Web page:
The skull, belonging to a tall and solidly built Aboriginal man, has a misshapen cranium.
Also, his bones reveal he had multiple breaks in both forearms, a fractured ankle so severe his shinbones fused together and arthritis in his jaw.
“Death might have been something to look forward to for him,” The Age quoted palaeo-anthropologist Peter Brown as saying.
“You can only change the shape of the head in a baby because the skull is soft and malleable so it can pass through the birth canal,” said Professor Brown, from the University of New England.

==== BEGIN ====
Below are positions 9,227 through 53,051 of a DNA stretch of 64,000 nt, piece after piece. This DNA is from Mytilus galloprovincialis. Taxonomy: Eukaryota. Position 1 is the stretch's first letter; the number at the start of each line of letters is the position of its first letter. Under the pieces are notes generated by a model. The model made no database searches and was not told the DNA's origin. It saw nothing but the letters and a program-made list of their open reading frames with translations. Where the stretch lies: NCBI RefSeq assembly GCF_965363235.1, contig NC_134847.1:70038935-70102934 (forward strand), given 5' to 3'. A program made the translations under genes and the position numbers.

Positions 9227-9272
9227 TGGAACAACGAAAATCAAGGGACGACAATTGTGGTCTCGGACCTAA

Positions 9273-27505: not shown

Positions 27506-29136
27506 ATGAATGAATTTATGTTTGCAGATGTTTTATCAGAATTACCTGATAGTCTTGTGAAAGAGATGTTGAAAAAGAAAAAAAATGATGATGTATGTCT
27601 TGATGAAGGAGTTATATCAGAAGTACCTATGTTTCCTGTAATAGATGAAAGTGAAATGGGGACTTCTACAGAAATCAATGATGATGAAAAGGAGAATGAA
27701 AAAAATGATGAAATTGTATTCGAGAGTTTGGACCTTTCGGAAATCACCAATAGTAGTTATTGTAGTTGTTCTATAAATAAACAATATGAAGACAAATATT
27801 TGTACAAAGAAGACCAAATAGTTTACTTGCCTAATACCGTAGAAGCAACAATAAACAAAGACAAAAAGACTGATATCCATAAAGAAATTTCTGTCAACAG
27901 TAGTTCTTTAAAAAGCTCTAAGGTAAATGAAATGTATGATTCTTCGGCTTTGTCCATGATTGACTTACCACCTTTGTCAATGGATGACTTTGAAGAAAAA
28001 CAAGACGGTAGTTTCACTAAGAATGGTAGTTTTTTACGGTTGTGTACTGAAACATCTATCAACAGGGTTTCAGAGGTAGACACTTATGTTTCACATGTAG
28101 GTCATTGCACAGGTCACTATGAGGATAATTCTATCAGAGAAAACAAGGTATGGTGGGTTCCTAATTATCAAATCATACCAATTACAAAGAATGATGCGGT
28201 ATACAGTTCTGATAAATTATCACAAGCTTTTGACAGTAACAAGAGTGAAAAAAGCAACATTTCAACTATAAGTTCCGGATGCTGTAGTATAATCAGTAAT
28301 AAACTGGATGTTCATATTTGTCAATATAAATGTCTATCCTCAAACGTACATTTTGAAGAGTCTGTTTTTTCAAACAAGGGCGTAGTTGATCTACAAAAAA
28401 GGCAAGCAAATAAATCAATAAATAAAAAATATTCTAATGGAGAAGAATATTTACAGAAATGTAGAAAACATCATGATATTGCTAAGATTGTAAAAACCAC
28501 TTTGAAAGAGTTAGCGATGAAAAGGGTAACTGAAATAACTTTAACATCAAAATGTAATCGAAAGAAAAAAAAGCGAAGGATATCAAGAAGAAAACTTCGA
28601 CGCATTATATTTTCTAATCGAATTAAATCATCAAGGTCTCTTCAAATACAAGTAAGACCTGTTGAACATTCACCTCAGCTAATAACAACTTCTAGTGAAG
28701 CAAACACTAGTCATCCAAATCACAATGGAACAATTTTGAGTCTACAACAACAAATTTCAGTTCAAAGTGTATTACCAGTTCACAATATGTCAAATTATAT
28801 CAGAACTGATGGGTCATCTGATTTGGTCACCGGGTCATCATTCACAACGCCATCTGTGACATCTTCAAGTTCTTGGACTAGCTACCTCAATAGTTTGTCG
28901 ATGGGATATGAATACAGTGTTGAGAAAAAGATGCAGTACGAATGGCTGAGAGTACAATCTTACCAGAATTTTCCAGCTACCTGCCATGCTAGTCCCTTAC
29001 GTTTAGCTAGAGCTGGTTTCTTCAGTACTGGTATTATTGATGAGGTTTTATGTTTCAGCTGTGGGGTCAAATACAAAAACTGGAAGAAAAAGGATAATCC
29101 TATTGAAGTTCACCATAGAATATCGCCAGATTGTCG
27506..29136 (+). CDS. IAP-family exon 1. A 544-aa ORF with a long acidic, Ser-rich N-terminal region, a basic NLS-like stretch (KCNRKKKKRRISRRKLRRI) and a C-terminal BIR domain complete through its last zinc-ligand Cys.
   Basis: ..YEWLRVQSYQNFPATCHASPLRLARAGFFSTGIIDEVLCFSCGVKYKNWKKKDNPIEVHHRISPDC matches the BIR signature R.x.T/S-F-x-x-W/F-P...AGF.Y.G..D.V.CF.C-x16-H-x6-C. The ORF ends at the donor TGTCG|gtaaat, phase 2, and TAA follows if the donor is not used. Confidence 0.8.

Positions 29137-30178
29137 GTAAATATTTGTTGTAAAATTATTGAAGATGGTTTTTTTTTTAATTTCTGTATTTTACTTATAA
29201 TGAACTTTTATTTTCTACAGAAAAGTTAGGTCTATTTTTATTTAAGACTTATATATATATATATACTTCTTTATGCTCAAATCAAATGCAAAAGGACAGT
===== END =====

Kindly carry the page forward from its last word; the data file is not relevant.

“It is clear from the archaeological record that a group of people living on the Murray River used to do this … between 10,000 and 13, 000 years ago,” he added.
Brown added that massaging the brain doesn’t cause brain damage because it is a flexible organ.
Cranium manipulation was not an unusual practice – some reports suggest it was the most popular type of body modification after circumcision.